One-third of all schools are "well prepared" for National Standards in reading, writing and maths, the Education Review Office says.
Its report into how schools are coping with the mandatory standards shows nearly 60 per cent are "somewhat prepared", while a few are not ready.
Education Minister Anne Tolley said the report was "extremely encouraging" and showed schools were making excellent progress. But critics say most schools are not ready for National Standards.
"We're still in the first year of a three-year implementation, but already great gains have been made," said Mrs Tolley.
"The Sector Advisory Group will consider this report as part of its ongoing work to address any issues and concerns."
The ERO evaluation was based on information collected from 80 primary and intermediate schools during term three this year.
The schools surveyed were from different deciles and geographic locations and were assessed on how they were adapting to the mandatory standards in reading, writing and maths.
The report shows an increase in schools that are "well prepared" - from 19 per cent in August, to 34 per cent yesterday .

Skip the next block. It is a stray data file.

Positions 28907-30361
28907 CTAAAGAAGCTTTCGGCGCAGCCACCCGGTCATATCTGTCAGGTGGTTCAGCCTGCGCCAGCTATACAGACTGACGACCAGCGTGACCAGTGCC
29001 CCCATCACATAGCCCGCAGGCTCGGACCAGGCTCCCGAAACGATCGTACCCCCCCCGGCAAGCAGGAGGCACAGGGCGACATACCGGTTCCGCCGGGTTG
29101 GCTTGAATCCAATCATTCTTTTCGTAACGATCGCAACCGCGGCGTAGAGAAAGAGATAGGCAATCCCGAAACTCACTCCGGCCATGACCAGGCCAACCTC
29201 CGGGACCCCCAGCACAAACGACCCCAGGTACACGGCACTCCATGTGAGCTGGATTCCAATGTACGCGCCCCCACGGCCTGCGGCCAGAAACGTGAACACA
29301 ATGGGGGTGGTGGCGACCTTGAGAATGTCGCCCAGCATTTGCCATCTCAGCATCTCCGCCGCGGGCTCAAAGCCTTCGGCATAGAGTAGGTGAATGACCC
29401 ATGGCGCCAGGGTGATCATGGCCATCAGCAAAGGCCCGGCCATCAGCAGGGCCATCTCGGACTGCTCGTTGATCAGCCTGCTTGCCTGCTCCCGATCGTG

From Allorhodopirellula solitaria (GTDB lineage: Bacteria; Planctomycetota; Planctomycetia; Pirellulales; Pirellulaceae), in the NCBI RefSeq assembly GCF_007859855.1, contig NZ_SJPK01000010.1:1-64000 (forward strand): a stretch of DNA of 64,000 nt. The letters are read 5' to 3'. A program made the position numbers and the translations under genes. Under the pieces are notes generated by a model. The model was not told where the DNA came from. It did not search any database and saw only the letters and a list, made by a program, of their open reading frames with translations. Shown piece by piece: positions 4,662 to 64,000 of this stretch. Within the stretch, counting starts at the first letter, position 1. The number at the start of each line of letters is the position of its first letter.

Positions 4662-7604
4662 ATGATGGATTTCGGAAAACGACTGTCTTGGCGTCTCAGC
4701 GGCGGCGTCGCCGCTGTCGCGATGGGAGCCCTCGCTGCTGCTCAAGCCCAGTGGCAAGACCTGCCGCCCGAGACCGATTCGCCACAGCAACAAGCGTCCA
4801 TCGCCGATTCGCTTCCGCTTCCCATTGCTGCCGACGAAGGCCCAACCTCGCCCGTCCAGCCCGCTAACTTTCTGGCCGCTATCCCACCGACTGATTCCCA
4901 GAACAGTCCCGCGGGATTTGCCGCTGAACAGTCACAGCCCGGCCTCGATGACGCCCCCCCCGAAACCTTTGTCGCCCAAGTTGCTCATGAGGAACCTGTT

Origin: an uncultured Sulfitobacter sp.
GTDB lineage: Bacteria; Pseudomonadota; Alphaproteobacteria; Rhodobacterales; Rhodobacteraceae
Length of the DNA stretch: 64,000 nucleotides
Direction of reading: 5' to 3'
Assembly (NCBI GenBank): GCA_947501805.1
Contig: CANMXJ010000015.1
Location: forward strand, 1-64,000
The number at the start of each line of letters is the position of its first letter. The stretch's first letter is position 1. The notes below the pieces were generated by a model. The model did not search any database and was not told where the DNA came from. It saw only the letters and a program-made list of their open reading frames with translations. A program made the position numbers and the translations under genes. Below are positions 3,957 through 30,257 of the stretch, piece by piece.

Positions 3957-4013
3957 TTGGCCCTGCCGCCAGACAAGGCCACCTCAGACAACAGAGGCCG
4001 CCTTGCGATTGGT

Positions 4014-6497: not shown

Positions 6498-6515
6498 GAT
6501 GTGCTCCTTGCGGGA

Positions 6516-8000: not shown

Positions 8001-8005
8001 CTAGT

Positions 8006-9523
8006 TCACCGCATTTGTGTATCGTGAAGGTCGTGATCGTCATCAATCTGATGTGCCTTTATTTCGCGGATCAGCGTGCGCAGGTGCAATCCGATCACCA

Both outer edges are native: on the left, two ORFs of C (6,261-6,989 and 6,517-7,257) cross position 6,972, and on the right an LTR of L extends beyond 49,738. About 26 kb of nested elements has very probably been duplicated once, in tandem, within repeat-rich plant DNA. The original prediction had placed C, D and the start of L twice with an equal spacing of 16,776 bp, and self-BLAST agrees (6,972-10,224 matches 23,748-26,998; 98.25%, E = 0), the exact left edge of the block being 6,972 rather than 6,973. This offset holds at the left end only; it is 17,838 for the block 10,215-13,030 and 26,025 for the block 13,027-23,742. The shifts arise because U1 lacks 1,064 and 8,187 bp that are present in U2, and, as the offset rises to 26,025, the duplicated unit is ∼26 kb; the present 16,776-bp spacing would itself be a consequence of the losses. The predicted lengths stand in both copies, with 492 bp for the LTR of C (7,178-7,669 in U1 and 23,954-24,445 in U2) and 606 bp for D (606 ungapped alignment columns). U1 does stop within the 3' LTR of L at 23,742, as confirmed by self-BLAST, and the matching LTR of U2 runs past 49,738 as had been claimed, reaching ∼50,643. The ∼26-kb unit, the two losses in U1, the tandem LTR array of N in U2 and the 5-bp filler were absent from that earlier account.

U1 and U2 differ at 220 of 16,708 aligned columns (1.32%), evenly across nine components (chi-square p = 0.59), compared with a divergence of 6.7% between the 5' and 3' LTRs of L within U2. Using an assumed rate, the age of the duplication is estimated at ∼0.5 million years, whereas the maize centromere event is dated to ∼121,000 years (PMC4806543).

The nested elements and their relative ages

The ERO also found there had been a drop in the number of schools not prepared for the standards at all - decreasing to 7 per cent, down from 20 per cent in August.
School trustees showed the least understanding, with only 10 per cent understanding them "well".
The report said that finding was because most trustees were new to their roles and their understanding relied on reports and school board discussions.
However, New Zealand Educational Institute president Frances Nelson said the Government needed to read between the lines.
"What lies clearly beneath the statistics is the resounding lack of confidence in National Standards by schools, teachers and parents," she said.
"We know many schools have tried to get prepared and work with the standards but they are quickly reaching the conclusion that they will do little to enhance student learning and achievement."
The NZEI will continue to ask the Government to listen to its concerns and commit to taking a genuine look at the issues, she said.
Labour Party education spokesman Trevor Mallard said the Government could not describe them as National Standards because most schools were still not well prepared.
"Sixty-six per cent of schools are not yet well prepared and many of them have said they won't be implementing the policy.
"The last ERO evaluation may make Anne Tolley feel a bit better about herself and her incompetent handling of the introduction of standards, but it is small comfort to the two-thirds of schools which still aren't well prepared."